Television was first theorized in the 19th Century, and working models were demonstrated as early as the 1920s. It was in 1948, however, that a breakthrough occured that opened the way for the modern broadcasting industry. RCA Corp., which operated the largest radio network at the time, took over New York's Madison Square Garden to demonstrate a new kind of television camera that required only a small amount of light to produce high quality video images.
"Where before we had needed (an) abnormal and harmful amount of light, all of a sudden, with one foot-candle, we could light a scene, we could get a mood, we could create a character," recalls Worthington Minor, who was manager of program development for CBS at the time, in a new large format book called simply "Television."
At that moment, writes author Michael Winship, Miner said he realized that "'television couldn't miss. It was going to be able to take dramatic programs into the home . . . All of a sudden, we had an instrument that reproduced a quality picture with the atmosphere and mood that Hitchcock or Bergman might require."'
Television has since only rarely scaled the heights of a Hitchcock or Bergman, but it has produced many memorable moments, a sprinkling of which are reported in "Television" through the eyes of actual participants. It is these first-hand accounts that represent the book "Television" at its best. These pioneers and producers, actors and programmers, newsmen and technicians are able to place the reader at the moment of creation. They can help us understand how the role of TV grew in our life, particularly as it became a startling window on news events such as the Kennedy assassination, the Vietnam War, the space program and a variety of live sporting events.
It is exciting and entertaining, but like television itself an ultimately shallow approach to the presentation of history. Sections such as The Golden Age, Sitcoms, Dramas, The News and The Business provide a briskly paced survey from the earliest days through the present, but the scholarship isn't thorough. You get the feeling, to borrow a paraphrase from "Rolling Stone" magazine, this is all the news that fits.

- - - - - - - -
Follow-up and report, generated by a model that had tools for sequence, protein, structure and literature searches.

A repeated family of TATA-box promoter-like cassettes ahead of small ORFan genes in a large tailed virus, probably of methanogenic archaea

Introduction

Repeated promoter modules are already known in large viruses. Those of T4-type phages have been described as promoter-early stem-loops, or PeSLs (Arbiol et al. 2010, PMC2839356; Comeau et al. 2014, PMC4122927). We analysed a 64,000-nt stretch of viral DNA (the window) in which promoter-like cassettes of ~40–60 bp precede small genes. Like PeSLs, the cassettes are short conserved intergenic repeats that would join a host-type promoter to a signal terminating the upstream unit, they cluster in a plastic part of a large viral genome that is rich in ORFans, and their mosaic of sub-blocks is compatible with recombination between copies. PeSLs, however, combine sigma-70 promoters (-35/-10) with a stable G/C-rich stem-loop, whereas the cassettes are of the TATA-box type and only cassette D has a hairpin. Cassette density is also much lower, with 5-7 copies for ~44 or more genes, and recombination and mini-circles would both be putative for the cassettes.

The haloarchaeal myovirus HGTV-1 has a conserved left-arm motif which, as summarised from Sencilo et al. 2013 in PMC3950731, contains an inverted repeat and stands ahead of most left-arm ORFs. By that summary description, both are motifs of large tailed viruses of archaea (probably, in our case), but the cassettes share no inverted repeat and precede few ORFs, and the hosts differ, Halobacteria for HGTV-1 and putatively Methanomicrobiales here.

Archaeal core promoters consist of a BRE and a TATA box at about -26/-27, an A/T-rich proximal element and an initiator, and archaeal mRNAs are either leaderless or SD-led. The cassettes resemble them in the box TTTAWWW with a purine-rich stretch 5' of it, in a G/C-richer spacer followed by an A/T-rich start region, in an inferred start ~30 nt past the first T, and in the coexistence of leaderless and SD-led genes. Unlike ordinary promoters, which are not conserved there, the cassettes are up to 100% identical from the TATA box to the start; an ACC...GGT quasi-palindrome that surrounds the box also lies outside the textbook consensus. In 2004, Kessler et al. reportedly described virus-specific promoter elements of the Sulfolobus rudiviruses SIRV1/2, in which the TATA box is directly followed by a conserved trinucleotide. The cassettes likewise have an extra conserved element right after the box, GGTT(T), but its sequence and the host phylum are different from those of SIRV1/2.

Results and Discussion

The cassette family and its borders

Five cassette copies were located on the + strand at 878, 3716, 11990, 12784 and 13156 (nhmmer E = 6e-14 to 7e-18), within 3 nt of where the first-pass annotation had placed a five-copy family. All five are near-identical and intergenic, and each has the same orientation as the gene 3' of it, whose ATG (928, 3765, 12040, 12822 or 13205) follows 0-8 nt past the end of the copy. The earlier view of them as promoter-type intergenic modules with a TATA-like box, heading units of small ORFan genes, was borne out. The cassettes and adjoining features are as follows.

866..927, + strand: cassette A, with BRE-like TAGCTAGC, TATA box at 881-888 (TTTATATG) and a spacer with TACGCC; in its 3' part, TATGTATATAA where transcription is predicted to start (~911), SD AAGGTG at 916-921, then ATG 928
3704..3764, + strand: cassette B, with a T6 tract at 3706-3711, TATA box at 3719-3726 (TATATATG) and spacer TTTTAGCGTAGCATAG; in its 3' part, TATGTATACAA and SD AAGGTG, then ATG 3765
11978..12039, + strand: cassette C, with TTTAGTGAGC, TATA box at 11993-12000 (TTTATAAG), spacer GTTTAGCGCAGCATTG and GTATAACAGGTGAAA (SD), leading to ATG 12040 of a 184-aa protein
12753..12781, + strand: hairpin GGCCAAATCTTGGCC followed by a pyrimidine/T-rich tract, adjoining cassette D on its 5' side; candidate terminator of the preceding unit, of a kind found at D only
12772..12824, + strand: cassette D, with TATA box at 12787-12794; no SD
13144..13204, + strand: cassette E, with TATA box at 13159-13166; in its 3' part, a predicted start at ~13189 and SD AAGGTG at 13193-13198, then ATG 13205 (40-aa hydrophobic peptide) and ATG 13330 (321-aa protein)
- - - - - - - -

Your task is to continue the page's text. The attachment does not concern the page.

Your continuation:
Still "Television" makes for an entertaining jog through a popular medium, reflecting the origin of the book itself. "Television," crammed with still photographs from classic TV shows, is described by its author as companion to an eight-part public television series with the same one word name. It all began with a history of TV done by Granada Television of Great Britain. When U.S. rights were picked up by the Public Broadcasting Service, they wanted to add new material to reflect the American role in bringing the tube to life. To make it visual, the history was presented in a series of interviews. What we end up with in the book are long transcribed quotes from the eyewitnesses to broadcast history, interspiced with generally brief bridges of exposition by the author, a self-described "television junkie" who was also co-producer of the American TV series. Historians, who are less often also fans, have had trouble in the past taking television seriously as a subject for study, but Winship obviously has no such qualms.
His mission in "Television" is not to question the value of the medium in relation to the rest of society, but rather to put a spotlight on the historic moments, primary movers and sacred institutions (mainly the three networks) which contributed to its development.
Winship isn't afraid to provide a forum for criticism of television. If anything a surprising amount of self-abuse pours out from people who have become very wealthy thanks to the medium. There are also those sincerely perplexed by the inherent weaknesses of the system. Journalist Bill Moyers decries TV's "willingness to fall back on the picture alone." He says that is "at the heart of the malaise that afflicts commercial television. A picture by itself explains nothing. Journalism means going back, looking at that picture and finding out what it means."
Unfortunately most TV news, like this book, seems to prefer piling up images rather than fiting them into the puzzle of modern society. That is why "Television," which goes down as easily as a helping of fast food, is a book that will be most enjoyed by those whose own development is measured by the passing of classic TV series. They are less likely to be troubled by questions about the impact on the average citizen of sitting in front of a glowing box for six or seven hours each and every day. They will agree with the concluding statement of "Television" by science-fiction author Arthur C. Clarke: "You cannot have a modern society without television. It is as simple as that."